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The good news is that there are many ways to help safeguard yourself and help better prevent identity theft when paying with plastic. The key is to avoid the places and ways of paying that put you at highest risk of fraud.
First, remember that although they look similar, debit and credit cards are different. Unlike a credit card, a debit card is essentially a direct line to your bank account, so you may need to be more careful when using it to make purchases. Money is deducted directly from your bank or credit union account when you use your debit card. If a fraudster gets hold of your debit card account number and uses it, the money may disappear from your account immediately. Your financial institution may guarantee that it will refund your money if you’re a victim of fraud, but that can take time, according to the nonprofit Privacy Rights Clearinghouse (PRC).
With a credit card, you’re essentially using a line of credit that you’ll pay back later, so you have time to check your statement and notice fraudulent use of your card. Also, most credit card issuers will immediately and temporarily remove fraudulent charges from your account when you report them. If you make a report within the required 60 days, your loss could be minimal—possibly zero, but no more than $50, according to the Fair Credit Billing Act (FCBA).
That said, there are a few places where you should be extremely cautious about swiping your cards:
1.Gas stations. It’s relatively easy and fairly common for thieves to attach skimmers (electronic devices that record your card number) to gas pumps or payment registers, according to Consumer Reports. Your best option is to pay for gas in cash or to use a credit card so you can monitor and contest any illegal transactions. If you absolutely must use a debit card, Consumer Reports suggests selecting the option to have the charge processed as a credit card transaction so you won’t have to enter your personal identification number (PIN). You may also want to consider using your card to pay the attendant inside the gas station, though this doesn’t remove all risk. The attendant could be using a skimmer behind the counter.
2.Restaurants that remove your card from your view. Several years ago, I interviewed someone who traced an incident of fraud to a local restaurant. He learned from law enforcement that whenever waitstaff remove your card from your table to process it, there’s a chance of them taking a quick picture of your card or skimming your personal information from it with a handheld device. The PRC agrees and suggests not using debit cards at restaurants at all. Credit cards and cash are safer options.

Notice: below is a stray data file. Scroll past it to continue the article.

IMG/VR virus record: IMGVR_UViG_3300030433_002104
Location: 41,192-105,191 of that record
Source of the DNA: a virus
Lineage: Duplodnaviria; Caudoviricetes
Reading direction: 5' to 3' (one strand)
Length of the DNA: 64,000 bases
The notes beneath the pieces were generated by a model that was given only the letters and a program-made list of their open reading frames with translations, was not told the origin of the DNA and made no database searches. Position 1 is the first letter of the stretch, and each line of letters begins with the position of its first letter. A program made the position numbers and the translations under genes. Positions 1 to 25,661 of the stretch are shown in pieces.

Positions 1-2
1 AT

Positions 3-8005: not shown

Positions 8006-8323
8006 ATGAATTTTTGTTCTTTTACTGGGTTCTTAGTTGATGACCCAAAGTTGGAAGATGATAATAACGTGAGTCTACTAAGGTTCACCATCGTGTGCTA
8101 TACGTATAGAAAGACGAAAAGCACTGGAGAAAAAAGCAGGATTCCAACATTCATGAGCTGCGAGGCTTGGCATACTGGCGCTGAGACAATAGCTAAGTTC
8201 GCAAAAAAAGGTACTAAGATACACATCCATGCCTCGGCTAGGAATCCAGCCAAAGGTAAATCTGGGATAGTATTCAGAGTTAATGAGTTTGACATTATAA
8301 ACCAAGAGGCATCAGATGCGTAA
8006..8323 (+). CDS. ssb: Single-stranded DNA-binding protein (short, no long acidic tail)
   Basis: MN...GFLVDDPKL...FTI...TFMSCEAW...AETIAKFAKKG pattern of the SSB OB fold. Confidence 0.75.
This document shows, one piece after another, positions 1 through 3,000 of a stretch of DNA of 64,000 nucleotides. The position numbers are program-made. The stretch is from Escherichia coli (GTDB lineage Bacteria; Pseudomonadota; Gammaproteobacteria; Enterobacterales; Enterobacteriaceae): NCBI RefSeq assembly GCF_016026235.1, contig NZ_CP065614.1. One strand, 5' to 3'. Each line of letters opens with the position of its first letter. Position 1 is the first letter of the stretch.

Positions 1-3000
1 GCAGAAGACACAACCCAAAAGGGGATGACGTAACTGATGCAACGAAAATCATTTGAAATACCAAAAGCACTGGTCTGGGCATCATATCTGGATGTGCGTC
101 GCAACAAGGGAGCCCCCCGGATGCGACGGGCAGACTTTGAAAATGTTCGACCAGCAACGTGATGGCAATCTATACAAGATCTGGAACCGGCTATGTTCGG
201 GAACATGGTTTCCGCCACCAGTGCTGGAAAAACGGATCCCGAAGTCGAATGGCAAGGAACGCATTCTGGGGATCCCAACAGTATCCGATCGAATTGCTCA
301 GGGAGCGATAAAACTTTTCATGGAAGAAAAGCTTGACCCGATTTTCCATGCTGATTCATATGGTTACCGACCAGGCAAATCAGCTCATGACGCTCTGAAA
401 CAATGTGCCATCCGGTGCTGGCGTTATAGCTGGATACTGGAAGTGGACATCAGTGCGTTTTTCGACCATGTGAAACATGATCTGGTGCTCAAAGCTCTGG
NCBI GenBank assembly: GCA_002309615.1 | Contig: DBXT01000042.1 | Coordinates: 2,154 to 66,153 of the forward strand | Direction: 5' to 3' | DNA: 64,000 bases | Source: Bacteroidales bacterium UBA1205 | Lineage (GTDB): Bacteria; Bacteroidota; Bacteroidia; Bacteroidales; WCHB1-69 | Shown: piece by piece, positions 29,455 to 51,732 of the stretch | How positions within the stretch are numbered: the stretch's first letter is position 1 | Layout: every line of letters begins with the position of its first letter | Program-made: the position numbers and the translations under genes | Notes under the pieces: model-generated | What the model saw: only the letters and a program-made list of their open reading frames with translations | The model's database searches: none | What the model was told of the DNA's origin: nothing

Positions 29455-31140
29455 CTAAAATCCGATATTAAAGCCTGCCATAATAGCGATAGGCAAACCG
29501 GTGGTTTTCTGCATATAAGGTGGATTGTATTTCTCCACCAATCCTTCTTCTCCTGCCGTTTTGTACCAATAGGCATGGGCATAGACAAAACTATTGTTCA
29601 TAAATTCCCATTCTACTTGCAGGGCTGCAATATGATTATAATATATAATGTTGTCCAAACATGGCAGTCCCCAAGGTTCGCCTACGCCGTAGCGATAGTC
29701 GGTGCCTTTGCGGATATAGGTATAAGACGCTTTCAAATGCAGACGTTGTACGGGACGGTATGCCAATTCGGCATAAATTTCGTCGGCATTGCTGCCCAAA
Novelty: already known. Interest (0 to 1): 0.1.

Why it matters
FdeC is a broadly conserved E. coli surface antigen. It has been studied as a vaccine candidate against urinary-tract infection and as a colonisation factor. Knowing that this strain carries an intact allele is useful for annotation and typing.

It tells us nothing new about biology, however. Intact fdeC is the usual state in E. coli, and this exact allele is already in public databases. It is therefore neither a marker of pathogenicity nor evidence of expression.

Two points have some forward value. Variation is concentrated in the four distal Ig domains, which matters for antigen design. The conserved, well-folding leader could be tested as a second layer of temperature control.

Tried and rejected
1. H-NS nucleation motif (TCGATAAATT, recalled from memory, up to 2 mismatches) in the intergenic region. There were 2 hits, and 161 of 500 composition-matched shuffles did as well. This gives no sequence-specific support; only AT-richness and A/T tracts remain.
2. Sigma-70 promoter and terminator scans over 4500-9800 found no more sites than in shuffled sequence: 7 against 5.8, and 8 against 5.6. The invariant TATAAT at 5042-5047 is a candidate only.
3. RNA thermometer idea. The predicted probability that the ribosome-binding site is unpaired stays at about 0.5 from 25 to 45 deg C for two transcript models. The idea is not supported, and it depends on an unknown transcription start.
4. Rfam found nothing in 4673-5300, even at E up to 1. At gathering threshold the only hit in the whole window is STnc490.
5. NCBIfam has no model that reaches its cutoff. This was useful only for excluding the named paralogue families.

3.Online retailers. Thieves are getting sophisticated at hacking retail websites and stealing consumers’ personal and payment information. Several security experts have told me that they would avoid using a debit card for online transactions because the linked bank account can be quickly emptied during fraud. They also suggest not checking the option to have retail websites save your credit or debit card information for future purchases.
The Identity Theft Resource Center suggests keeping a separate, low-limit credit card for online purchases. If your payment information is compromised in a breach, you can contest the charges and easily close the account without affecting any automatic payments linked to your credit card.
4.Unfamiliar ATMs. Today’s thieves are going beyond attaching skimming devices to ATMs to capture your card information—they’re now using something called “wiretapping” that’s virtually impossible for consumers to detect, according to Consumerist (a subsidiary of Consumer Reports). A criminal intercepts your card data by inserting a device through a small hole in the ATM, which is then covered by a fake decal.
Because fraudsters are getting savvier, you need to be smarter. Don’t use unfamiliar ATMs if possible as it will be tougher for you to notice something new or unusual about the machine if you rarely use it. Instead, use an ATM you know well or one inside a bank or protected lobby. As for those mobile ATMs at local fairs or pop-up events: skip them. Instead, plan ahead and withdraw some cash at your bank or use your credit card instead.
We may get some relief from the risk of fraud as financial institutions move to chip-enabled debit and credit cards that are harder for thieves to duplicate. But no matter what, always monitor your bank statements, credit card statements, and credit report regularly so you can quickly catch—and squelch—card fraud.
Teri Cettina is a personal finance and parenting writer/blogger. Prior to becoming a freelancer, she was an employee communications writer & editor for a large regional bank. Follow her on Twitter: @TeriCettina.
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